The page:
This study has been carried out at the request of the Federal Aviation Administration (FAA) and the United Kingdom Civil Aviation Authority (UK CAA) under the provisions of a UK CAA contract. The broad objectives of the study are to collect and analyze data relating to in-service occurrences involving fire, smoke or fumes on US registered aircraft. This involved the compilation of data into a Fire, Smoke or Fumes Occurrence (FSF) Database compiled in Microsoft Excel. The analysis compares genuine and false occurrences by source of fire, smoke, fumes or odors and consequences (diversions, overweight landings, etc.). The data has also been analyzed to derive any likely trends in rates of occurrence. These objectives have now been achieved for data collected over the period 2002 to 2011 and are addressed in this report. A further objective of the study is to analyze the data to determine the monetary impact of the occurrences and any trends in these impacts, which is also addressed in this report.
Fire tests were conducted on lithium-ion, lithium-pouch, and lithium-metal battery cells of various cathode chemistries and sizes to evaluate their failure effects. First, tests were performed with a single cell in thermal runaway. Next, a thermal runaway propagation test with five cells was conducted. Finally, a vent gas ignition test to determine the flammability of the vent gases was performed. The tests showed a large variation in the fire hazard characteristics of the thermal runaway event. The characteristics depended on cell size, chemistry, construction, and orientation. As a result of the tests, it is recommended that each battery cell be evaluated on an individual basis dependent on its specific application and operating environment.
One of the dangers of shipping lithium batteries in an aircraft is the risk of thermal runaway propagation, which can cause an uncontrollable fire in the cargo compartment. During thermal runaway, a significant quantity of hydrogen and hydrocarbons may accumulate and ignite in the shipping boxes and the free space within the cargo compartment. This can cause a pressure pulse sufficient to compromise the safety of the aircraft. With the pressure relief panels removed or the liner compromised, the compartment would no longer be able to fully contain the Halon 1301 fire extinguishing agent.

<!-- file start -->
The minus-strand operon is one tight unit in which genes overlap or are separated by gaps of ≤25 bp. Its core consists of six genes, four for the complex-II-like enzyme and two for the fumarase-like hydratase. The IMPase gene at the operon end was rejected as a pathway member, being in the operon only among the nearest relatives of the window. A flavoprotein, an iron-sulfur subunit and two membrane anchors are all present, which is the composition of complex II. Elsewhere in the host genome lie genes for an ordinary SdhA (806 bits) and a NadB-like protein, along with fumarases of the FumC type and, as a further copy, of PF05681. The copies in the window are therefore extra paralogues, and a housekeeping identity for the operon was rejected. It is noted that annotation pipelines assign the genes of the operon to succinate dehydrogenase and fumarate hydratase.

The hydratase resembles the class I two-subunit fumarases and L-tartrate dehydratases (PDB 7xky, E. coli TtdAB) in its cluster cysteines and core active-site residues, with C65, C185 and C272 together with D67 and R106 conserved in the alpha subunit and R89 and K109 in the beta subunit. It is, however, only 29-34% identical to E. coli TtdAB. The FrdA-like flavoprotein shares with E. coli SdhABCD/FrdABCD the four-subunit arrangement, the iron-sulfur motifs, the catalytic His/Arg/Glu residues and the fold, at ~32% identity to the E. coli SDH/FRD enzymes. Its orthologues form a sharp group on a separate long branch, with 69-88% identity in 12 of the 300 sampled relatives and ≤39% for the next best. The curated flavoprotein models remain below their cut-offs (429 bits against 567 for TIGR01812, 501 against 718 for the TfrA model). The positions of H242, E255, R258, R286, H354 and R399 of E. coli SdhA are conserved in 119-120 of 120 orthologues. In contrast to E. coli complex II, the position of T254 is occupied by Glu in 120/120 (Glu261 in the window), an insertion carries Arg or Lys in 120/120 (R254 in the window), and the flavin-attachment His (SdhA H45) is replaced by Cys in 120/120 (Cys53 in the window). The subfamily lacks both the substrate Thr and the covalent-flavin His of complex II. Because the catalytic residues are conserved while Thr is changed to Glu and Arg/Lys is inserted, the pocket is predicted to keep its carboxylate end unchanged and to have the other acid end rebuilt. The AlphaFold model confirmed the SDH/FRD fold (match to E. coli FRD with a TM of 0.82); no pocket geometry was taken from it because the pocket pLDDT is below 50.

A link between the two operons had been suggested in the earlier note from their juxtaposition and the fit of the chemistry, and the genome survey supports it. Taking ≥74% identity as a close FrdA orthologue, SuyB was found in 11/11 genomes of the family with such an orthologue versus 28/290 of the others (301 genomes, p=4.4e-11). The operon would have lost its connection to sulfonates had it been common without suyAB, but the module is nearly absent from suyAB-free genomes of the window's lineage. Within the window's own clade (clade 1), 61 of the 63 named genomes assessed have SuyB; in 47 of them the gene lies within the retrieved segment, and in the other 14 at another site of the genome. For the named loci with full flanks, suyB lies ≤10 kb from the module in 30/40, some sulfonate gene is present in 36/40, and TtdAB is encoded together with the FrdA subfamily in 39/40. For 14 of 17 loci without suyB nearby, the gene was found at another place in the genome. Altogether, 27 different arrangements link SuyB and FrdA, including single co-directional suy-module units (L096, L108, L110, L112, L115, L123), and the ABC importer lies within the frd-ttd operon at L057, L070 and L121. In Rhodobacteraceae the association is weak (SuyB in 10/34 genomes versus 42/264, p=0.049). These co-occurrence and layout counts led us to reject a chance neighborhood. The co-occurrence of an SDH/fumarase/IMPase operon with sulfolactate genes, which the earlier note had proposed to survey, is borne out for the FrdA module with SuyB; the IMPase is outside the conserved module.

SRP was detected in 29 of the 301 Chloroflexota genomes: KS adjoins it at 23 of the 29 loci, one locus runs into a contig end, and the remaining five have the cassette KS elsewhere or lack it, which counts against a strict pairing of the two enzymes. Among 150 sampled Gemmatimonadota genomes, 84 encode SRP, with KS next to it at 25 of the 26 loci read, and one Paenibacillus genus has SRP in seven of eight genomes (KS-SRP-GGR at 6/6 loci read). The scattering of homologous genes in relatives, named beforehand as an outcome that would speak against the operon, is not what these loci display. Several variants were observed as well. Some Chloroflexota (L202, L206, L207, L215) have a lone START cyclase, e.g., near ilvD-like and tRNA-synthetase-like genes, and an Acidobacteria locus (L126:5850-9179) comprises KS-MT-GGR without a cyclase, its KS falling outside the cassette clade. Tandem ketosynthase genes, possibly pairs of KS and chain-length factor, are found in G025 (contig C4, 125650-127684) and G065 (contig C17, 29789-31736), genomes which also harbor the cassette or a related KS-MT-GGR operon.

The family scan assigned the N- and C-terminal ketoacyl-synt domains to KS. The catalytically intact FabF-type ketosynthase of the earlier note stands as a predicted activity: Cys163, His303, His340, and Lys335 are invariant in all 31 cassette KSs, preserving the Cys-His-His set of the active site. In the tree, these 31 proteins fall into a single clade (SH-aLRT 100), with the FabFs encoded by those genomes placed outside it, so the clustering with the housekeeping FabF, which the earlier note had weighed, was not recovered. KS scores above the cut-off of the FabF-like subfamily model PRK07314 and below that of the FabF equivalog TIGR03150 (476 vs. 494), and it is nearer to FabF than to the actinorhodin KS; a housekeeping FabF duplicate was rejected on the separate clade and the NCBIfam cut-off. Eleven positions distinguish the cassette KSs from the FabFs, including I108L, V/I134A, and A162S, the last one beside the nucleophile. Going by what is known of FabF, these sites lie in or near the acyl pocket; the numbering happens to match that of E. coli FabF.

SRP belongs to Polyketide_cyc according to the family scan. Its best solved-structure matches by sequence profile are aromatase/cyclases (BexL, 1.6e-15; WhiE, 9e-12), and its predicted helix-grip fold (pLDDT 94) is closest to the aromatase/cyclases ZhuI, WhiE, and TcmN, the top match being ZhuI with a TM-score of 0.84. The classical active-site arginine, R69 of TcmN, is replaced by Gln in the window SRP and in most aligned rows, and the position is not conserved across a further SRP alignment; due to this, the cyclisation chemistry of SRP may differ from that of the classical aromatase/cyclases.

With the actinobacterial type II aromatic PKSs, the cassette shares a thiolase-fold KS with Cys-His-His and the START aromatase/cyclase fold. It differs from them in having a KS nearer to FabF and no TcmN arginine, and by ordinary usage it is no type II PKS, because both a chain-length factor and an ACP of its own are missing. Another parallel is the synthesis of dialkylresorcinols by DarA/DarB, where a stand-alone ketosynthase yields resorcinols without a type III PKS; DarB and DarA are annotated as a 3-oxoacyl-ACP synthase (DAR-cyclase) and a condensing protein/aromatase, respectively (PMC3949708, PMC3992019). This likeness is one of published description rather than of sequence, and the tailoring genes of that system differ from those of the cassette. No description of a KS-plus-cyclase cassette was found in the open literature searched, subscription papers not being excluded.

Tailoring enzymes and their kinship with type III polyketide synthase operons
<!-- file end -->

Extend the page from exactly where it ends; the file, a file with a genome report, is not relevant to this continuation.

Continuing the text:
A series of tests were conducted to determine the minimum quantity of 18650-sized battery cells required to produce a flammable gas mixture that, if ignited, would be capable of producing a pressure rise that would open pressure relief panels and possibly dislodge cargo liners. A mixture of bottled battery vent gas and air was metered into a balloon at a concentration that was previously shown to maximize the pressure rise of combustion. A spark igniter located within the balloon ignited the mixture. Validation tests were conducted to determine if the pressure rise from the combustion of the bottled battery gas mixture replicated the pressure rise of the actual vented battery gases. The results showed an identical pressure rise. Depending on the state of charge, the ignition of the vent gases from a relatively small number of lithium batteries in thermal runaway created a pressure pulse that dislodged the pressure relief panels in an aircraft cargo compartment.